By Anthony Rubinich
On June 23rd, 2016, the British people voted to leave the European Union, the first time in EU history. While to the casual listener this would appear as a seemingly innocuous event, the decision has global economic and social implications. Within hours of the announcement, stock prices plummeted and international markets were sent into a frenzy. The exact story line and the events that led up to the referendum fit the description of a high-octane, political drama. The purpose of this report is to reveal exactly what happened that led to the Brexit referendum and comment on its effect on the US economy.
The European Union was created in 1957 and has grown to include over 20 countries. The EU’s goal was to provide a means of diplomacy in order to prevent an event like World War II from happening again. While England has been a member since 1973, the UK has consistently tried to distance itself from the Union. For instance, Brits have insisted on using the pound and not the EU regulated Euro. For almost fifty years, Brexiters were defeated referendum after referendum. However, the late 2000’s would change all that.
The first 16 years of the 21st Century would prove to be a trying time for England, and the world. In 2009, several countries in the EU defaulted, sparking the European Debt Crisis. As a result, stronger countries had to bear the weight of weaker ones. England was one of them, not to mention the cost of England’s membership in the EU was growing exponentially. According to Open Europe, EU regulations set the U.K. back 33.3 billion pounds, nearly $50 billion.
In addition to economic stress, the Syrian Refugee Crisis would also test the UK’s patience. In response to the Syrian Civil War, Syrians began an Exodus-like movement into the European countries. The mass-immigration of refugees to England resulted in health, education, and housing issues that leaders in Parliament refused to face.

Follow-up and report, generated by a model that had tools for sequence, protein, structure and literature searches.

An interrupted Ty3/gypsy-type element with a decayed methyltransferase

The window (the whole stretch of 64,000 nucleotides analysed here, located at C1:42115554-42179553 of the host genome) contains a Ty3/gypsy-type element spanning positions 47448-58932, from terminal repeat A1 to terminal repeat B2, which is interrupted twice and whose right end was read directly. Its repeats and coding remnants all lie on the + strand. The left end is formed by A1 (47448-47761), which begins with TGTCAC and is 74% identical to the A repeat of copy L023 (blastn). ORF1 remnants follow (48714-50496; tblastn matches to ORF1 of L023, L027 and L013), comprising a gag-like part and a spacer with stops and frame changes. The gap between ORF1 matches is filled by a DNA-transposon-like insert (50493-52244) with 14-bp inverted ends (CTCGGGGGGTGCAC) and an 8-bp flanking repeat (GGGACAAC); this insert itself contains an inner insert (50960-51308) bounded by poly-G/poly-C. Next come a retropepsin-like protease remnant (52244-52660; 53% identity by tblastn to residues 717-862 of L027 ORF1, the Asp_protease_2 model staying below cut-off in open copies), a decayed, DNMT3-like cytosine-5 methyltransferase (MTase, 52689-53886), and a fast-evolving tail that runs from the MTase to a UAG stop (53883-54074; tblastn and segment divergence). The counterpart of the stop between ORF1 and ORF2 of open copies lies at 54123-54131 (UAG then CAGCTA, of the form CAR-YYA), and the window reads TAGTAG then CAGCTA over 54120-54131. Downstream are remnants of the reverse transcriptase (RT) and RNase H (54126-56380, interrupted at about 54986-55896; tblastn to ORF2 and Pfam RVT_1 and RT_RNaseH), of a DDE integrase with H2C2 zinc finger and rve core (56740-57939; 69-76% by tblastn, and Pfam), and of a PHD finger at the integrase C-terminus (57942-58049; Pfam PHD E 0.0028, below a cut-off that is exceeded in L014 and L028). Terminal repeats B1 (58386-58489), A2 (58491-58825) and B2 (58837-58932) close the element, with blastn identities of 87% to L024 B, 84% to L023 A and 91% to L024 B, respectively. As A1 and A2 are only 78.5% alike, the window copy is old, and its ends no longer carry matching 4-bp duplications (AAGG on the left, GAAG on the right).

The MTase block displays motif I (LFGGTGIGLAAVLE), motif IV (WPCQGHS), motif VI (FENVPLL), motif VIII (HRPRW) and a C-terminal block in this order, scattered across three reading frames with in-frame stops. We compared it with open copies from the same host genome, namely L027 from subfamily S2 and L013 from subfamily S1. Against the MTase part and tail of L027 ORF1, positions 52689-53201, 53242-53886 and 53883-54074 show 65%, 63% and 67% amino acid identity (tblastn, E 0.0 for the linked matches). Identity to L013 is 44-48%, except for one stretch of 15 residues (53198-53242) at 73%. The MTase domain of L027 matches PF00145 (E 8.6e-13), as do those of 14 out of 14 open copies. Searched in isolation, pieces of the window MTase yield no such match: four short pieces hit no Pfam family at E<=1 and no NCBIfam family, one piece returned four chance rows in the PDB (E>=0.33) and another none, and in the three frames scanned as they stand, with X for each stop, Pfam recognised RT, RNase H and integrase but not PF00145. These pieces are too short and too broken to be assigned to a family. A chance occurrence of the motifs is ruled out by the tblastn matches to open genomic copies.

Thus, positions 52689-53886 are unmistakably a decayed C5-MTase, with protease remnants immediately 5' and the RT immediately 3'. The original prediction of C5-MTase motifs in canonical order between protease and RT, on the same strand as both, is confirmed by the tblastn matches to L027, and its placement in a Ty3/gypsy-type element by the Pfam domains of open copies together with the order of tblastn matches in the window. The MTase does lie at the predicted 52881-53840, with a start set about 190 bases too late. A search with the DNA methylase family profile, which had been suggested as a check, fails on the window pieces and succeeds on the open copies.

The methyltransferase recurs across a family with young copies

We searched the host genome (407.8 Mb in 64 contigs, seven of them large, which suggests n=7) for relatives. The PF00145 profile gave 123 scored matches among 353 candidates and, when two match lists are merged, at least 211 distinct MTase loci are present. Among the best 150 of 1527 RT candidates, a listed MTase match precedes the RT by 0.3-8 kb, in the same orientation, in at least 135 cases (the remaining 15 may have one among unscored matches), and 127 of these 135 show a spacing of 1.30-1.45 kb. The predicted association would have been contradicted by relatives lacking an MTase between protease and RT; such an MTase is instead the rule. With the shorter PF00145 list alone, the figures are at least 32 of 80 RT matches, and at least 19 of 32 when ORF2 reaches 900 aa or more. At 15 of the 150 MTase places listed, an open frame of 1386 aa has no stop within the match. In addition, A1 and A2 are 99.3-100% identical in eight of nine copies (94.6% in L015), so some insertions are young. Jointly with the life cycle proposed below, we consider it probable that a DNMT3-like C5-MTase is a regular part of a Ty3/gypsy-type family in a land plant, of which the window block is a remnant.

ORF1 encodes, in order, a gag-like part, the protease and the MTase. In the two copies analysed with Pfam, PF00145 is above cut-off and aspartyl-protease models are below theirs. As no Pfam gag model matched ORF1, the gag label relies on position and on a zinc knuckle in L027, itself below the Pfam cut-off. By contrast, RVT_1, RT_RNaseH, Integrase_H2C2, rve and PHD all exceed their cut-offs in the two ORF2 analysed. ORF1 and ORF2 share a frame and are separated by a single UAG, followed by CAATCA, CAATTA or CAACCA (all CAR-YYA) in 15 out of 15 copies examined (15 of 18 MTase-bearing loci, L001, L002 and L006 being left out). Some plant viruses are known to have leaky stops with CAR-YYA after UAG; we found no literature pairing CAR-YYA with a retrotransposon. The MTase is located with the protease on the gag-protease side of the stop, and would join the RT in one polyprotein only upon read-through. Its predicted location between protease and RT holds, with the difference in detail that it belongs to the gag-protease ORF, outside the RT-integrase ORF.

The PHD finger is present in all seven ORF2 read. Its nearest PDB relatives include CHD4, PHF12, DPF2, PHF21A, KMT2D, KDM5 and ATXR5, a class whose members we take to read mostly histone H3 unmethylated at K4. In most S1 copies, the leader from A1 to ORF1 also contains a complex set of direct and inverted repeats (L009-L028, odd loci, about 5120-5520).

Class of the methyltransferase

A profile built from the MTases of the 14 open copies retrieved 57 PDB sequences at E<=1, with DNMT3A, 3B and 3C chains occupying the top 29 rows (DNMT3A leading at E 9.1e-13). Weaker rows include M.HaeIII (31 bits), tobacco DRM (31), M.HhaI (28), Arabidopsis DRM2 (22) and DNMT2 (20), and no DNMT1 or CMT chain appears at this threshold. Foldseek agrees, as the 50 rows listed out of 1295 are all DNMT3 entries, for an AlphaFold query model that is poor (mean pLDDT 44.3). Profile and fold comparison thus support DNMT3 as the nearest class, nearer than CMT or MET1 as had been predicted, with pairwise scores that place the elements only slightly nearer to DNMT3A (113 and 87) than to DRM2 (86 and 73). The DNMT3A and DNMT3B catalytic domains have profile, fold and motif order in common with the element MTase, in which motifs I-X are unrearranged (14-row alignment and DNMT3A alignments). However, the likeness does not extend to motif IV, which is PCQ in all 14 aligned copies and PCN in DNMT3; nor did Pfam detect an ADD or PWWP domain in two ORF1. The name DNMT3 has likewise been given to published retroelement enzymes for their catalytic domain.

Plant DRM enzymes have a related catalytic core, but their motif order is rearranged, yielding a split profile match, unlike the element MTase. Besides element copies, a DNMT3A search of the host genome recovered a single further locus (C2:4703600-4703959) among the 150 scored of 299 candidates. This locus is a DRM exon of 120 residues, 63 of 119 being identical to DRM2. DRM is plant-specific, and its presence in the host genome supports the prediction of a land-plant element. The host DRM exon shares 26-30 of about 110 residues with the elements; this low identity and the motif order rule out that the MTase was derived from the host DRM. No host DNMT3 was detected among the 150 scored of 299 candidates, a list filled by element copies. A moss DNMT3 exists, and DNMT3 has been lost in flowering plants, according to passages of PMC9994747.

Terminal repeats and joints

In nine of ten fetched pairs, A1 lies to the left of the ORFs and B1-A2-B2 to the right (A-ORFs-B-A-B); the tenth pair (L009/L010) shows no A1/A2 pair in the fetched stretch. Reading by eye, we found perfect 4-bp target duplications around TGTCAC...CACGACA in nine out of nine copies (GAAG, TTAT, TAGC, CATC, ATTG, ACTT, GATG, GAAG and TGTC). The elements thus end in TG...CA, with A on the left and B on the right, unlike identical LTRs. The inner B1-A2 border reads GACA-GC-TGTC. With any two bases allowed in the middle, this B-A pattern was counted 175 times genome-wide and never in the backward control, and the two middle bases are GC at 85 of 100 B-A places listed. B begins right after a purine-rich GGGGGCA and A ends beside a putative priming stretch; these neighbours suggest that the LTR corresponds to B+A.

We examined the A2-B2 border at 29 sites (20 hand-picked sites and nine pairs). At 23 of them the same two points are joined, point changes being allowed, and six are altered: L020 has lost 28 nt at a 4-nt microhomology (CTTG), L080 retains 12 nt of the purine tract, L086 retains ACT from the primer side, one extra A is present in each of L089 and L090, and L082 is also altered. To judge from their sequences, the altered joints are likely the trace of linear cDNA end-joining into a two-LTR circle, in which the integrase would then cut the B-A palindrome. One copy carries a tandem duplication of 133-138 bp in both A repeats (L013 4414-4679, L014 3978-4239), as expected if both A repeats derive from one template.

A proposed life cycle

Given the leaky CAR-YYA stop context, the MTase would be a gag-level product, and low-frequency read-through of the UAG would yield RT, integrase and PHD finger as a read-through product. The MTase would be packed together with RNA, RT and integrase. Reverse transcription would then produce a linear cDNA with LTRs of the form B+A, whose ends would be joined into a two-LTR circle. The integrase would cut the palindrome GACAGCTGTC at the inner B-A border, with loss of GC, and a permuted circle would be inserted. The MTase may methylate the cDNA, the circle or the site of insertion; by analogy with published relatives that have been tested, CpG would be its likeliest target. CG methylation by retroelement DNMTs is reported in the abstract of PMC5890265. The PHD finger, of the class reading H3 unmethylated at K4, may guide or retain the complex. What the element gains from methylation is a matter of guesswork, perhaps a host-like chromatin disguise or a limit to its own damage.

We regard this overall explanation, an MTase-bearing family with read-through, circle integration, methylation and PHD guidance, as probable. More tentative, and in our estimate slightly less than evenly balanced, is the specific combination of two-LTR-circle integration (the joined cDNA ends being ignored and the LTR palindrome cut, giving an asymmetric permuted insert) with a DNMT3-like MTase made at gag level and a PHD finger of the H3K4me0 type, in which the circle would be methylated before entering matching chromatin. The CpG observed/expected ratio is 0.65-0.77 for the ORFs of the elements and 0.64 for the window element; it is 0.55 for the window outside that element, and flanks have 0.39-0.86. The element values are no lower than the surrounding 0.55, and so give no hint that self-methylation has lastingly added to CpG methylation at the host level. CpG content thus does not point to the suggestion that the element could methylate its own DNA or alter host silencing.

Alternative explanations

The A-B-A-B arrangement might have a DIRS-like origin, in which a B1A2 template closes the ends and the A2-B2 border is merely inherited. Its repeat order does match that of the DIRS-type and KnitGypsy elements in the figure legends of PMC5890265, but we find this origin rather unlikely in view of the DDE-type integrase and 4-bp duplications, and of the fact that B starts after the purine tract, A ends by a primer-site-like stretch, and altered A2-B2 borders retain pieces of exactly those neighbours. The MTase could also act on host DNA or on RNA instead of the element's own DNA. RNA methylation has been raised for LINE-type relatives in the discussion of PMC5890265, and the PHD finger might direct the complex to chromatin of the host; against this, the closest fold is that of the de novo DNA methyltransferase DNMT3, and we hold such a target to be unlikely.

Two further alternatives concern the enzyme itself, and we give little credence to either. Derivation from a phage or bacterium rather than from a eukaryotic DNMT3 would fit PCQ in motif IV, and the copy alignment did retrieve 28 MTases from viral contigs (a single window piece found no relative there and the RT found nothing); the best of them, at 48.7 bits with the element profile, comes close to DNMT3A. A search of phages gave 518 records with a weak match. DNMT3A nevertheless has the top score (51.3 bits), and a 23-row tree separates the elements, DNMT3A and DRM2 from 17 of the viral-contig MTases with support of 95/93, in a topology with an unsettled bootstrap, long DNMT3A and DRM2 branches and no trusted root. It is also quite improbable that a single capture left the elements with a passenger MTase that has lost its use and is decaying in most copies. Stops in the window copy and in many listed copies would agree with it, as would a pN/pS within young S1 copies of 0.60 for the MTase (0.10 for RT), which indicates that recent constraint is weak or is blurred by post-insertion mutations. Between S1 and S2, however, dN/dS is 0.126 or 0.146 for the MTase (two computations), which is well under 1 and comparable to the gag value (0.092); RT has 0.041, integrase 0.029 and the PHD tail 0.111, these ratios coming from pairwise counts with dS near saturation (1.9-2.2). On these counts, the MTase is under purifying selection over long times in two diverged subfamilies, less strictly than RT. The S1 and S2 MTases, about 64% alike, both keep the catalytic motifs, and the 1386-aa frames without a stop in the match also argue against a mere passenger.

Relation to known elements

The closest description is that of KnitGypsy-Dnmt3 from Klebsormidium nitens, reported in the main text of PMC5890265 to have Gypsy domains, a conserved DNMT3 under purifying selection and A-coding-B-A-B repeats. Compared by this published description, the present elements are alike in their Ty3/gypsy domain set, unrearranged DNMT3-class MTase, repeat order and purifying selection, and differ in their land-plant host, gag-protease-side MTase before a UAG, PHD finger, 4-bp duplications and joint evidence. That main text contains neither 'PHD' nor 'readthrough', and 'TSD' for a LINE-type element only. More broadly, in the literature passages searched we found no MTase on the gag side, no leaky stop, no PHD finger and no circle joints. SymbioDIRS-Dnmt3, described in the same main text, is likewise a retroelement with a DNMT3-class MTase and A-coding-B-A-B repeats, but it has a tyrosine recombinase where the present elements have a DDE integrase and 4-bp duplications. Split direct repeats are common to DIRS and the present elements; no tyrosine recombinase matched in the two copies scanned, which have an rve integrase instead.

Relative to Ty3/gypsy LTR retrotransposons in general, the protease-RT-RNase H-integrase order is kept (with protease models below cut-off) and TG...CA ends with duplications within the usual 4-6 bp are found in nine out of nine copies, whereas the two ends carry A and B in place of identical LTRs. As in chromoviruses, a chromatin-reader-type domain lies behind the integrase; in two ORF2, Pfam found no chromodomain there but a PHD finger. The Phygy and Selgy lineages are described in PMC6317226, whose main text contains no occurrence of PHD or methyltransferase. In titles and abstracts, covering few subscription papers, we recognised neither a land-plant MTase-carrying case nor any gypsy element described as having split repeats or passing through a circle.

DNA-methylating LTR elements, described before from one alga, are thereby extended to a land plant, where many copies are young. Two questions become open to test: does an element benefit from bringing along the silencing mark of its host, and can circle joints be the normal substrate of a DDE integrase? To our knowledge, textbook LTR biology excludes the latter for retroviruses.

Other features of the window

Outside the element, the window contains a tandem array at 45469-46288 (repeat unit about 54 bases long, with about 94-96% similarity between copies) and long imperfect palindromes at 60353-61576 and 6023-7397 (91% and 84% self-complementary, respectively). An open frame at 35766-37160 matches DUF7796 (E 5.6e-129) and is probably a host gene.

Tensions brought on by immigration boiled over into 2016. On February 20th 2016, Prime Minister David Cameron announced that a Brexit referendum will take place on June 23rd.
June 23rd 2016
The polls closed at 10 pm London time. Five hours later, the announcement was made that the U.K. was leaving the European Union. Even proponents of Brexit were shocked by the results. 52% of Brits voted to leave the Union, even though 75% of young people voted to stay. Without warning, international markets were in tumult. The pound plunged to its lowest level since 1985. Following the declaration, David Cameron announced that he would resign as Prime Minister.
The effect Brexit will have on the US economy is hard to predict. So far, markets and funds on our side of the Atlantic have reacted normally. Our advice to investors is to know your risk, assess liquid reserves, and stay alert for tax saving opportunities. It is important to balance your portfolio and shoot for a long-term growth strategy. Furthermore, it is best to stay away from foreign markets, just for now. Non-US equity is still a good bet but always maintain a 3-5 year view and hold out for the eventual recovery.
What happens next? Before Brexit, the U.K. had one of the top five best economies. With the pound suffering its worst one day drop in history, the international market has become very volatile. The referendum sets a dangerous precedent for other Eurosceptic nations such as France, Spain, and Greece. Should the EU dissolve altogether, diplomatic relations will resemble that of pre-WWII Europe. Without the Union, Eastern countries Lithuania, Belarus, and Poland may be susceptible to a Russian invasion, similar to what happened in the Ukraine. The effect Brexit has on the US is largely unknown. The pounds plunge could have an inverse effect on the value of the US dollar, but it doesn’t necessarily mean the US will become an economic safe haven.